I’m into day 6 of my spring “healthy eating and detox” cleanse and was inspired by a reader (thanks, Laura from Chicago) to focus on some specific detox nutrients. To be on the safe side, I’m going to stick with food sources and skip talking about specific supplements. We’ll keep it natural, gentle and simple.
I won’t go into too much detail, but the liver is considered the most metabolically active and important organ when it comes to detoxing. It filters blood at a rate of about 1.5 quarts per minute (you read that right). There’s a lot of action going on throughout the body when we detox, but the liver is the workhorse. There are two blood sources to the liver, one that carries newly absorbed nutrients, drugs, microbes, toxins, and other icky things from the gastrointestinal tract. It detoxs alcohol and chemically alters or excretes thyroid hormones and steroid hormones (estrogens and aldosterone). The liver has to “decide” what to do with all these substances, so keeping it in good shape keeps us in good shape. Here are a few simple and effective detox rejuvenators to help us do that.
*Again, check with your health care provider before embarking on a detox cleanse or before taking these products. Just because they are natural doesn’t mean they’re always safe. There may be conditions in which you should not take these products and some should only be taken for a short time. Many herbal products should not be taken during pregnancy — please consult your physician if you are pregnant or nursing.
The following organic herbs are believed to help support the digestive tract, liver, kidneys, blood, and/or lungs to promote healthy detoxification.
Sarsaparilla root gives root-beer it’s root-beery flavor (what would you call that flavor?) and promotes the excretion of fluids and increases energy (Chi) flow.
Milk Thistle (also called wild artichoke) stimulates new cell growth in the liver and helps protect it from toxins. It also protects the gall bladder and kidneys, both of which are involved in detoxing. Milk thistle is also good for adrenal problems, psoriasis and helps boost immune function.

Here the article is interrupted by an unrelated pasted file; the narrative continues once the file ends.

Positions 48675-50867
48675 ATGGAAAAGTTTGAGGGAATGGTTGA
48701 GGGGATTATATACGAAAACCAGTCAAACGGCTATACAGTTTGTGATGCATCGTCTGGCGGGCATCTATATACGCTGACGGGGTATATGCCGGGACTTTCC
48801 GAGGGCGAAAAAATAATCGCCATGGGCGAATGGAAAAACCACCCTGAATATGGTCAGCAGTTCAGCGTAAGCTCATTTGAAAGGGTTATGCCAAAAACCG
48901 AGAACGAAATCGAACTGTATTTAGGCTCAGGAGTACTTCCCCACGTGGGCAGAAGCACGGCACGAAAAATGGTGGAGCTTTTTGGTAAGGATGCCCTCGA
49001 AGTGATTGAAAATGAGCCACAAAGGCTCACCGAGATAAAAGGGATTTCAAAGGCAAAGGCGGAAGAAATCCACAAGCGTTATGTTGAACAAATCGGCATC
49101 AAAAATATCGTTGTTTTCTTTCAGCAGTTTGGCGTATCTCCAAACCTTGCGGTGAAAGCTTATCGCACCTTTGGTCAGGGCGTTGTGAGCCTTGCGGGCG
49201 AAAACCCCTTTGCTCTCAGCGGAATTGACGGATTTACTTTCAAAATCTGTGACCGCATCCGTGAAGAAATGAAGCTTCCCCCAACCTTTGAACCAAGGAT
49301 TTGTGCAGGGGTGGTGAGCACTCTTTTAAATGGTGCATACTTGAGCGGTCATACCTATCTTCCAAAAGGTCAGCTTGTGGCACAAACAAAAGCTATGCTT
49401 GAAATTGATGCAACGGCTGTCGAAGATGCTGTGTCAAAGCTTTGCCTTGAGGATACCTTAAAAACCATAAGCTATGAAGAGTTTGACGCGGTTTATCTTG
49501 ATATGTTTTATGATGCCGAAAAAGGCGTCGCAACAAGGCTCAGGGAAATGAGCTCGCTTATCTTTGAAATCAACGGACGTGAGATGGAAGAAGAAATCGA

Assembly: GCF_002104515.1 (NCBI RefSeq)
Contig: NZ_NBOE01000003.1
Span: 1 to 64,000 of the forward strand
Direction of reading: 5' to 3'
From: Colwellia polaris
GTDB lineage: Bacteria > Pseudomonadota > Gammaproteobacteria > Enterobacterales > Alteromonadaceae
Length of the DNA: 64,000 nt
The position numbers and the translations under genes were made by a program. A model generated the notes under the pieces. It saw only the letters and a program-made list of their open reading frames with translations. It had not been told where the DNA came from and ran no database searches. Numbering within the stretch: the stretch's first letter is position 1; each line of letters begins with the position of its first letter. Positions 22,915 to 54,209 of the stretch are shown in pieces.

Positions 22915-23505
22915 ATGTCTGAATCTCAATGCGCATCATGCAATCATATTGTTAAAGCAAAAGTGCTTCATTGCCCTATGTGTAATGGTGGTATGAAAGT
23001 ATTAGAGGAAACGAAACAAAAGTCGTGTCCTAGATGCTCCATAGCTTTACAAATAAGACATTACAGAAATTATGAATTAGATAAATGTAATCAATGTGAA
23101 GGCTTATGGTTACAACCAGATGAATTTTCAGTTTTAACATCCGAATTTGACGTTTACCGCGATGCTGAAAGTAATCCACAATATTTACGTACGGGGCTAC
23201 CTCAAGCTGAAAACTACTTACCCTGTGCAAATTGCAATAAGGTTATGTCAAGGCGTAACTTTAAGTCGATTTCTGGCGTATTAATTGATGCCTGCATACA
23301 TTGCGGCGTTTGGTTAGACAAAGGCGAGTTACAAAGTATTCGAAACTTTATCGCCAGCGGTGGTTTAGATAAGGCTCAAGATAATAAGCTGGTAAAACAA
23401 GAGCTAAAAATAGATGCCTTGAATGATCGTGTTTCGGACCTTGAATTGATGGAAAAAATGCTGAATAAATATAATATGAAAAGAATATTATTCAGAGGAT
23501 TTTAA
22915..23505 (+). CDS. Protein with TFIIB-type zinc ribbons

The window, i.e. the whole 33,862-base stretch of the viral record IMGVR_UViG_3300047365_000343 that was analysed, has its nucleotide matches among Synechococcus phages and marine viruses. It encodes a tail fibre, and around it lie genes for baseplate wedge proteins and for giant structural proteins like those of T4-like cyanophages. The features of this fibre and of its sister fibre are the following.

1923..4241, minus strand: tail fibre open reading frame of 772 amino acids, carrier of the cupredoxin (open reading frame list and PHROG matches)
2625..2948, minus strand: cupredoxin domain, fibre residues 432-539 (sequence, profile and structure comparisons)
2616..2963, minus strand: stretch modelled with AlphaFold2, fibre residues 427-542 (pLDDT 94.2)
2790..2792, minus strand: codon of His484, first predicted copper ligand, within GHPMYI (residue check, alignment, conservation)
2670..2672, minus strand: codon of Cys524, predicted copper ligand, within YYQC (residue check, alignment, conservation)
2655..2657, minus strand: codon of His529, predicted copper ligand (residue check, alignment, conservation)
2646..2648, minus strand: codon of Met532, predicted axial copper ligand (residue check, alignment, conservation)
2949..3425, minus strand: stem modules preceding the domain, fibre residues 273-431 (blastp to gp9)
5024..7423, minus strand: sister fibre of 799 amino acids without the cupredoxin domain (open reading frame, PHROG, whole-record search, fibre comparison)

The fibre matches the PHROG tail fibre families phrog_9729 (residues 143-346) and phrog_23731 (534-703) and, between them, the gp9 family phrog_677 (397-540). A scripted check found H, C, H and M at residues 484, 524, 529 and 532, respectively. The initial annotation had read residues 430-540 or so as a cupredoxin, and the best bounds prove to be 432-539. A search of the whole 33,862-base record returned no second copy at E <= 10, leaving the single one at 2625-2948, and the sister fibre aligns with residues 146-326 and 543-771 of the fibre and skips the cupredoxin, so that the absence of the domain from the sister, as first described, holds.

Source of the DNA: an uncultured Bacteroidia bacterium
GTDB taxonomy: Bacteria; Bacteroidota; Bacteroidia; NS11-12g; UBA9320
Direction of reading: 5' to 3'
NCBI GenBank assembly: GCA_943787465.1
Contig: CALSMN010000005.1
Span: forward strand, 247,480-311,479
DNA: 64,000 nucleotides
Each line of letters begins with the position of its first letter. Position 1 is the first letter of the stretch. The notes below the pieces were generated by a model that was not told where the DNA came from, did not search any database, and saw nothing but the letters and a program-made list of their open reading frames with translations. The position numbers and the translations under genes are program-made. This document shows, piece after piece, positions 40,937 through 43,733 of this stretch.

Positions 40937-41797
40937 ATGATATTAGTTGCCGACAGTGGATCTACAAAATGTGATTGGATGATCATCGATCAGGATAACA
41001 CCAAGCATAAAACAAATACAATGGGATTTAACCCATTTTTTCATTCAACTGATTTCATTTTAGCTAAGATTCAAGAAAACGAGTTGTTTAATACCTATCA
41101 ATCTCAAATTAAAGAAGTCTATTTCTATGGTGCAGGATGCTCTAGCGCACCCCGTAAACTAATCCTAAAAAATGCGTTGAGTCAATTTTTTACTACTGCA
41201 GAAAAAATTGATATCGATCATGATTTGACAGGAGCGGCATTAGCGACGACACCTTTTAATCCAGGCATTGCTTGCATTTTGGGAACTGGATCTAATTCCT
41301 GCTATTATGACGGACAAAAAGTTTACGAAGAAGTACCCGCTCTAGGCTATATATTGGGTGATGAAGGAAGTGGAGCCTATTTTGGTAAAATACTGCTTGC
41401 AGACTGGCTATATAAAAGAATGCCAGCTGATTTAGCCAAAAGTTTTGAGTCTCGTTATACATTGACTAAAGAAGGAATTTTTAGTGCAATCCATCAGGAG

Ginger root is protective to the liver and stimulates circulation. I chop, mince, or zest whole ginger root and put it into all kinds of things, including my tea.
Dandelion root (celiacchick Kelly mentioned this in my first post on cleansing) stimulates bile production. The liver helps break down and eliminate toxins by producing bile, which is stored in the gallbladder. Bile is part digestive secretion and part excretory product. We want healthy bile flow. It’s rather unattractive looking camo-colored goop, but it’s very important.
Red clover helps support liver and kidney function and has anti-inflammatory properties. It also boosts immune function and helps with skin disorders.
Rosemary leaves help detoxify the liver, stimulate circulation and digestion, and provide antioxidant protection.
Fenugreek seeds stimulate and lubricate the intestines and act as a laxative.
Garlic enhances immune function, improves circulation, supports liver and digestion, and helps detoxify the body.
Cilantro will have its own post in a few days.
Burdock root (I saved my favorite for last)
I’m actually not sure why, but I love burdock root and have been using it (whole) for a long time. It’s unattractive and isn’t all that tasty, but I use it on a regular basis. I sauté it in coconut oil and pureé it with stock to add depth and thickness to soups and stews. Because I live gluten-free and never add flour for thickening, I use things like cooked potatoes or burdock root, which provide a healthy alternative.
Burdock root acts as an antioxidant and aids in the elimination of excess fluid and toxins. It helps purify the blood, supports liver and gallbladder function, stimulates digestion, boosts immune function, helps with skin disorders, and may help relieve PMS symptoms. It can also be used as a rinse to promote hair and scalp health. Good stuff all the way around. I prefer getting my nutrients through organic food sources (rather than supplements) as it’s easier to know what you’re getting and control what you’re ingesting.
Burdock root can interfere with iron absorption if taken internally as a supplement, so, “ask your doctor if burdock root is right for you.” (Sorry, I couldn’t resist.)
*The above photo shows a piece of brown burdock root (carrot sized) alongside coin shaped pieces I cut from the root. These are ingredients I used to make burdock root soup a few days ago. This is one of the mainstays of my detoxing routine. I don’t really have a recipe as it’s something that comes out different every time I make it (depending on what I have on hand). If any of you are more interested in that, I’ll make some, pay attention to what I do, and create a real recipe.
There are numerous herbal adaptogens, but I’ll stick with this short list of the ones I feel may help with this type of cleansing. Most of these come in organic herbal tea form, so they’re easy to find at your local “natural” market.
Go forth and do some spring cleaning!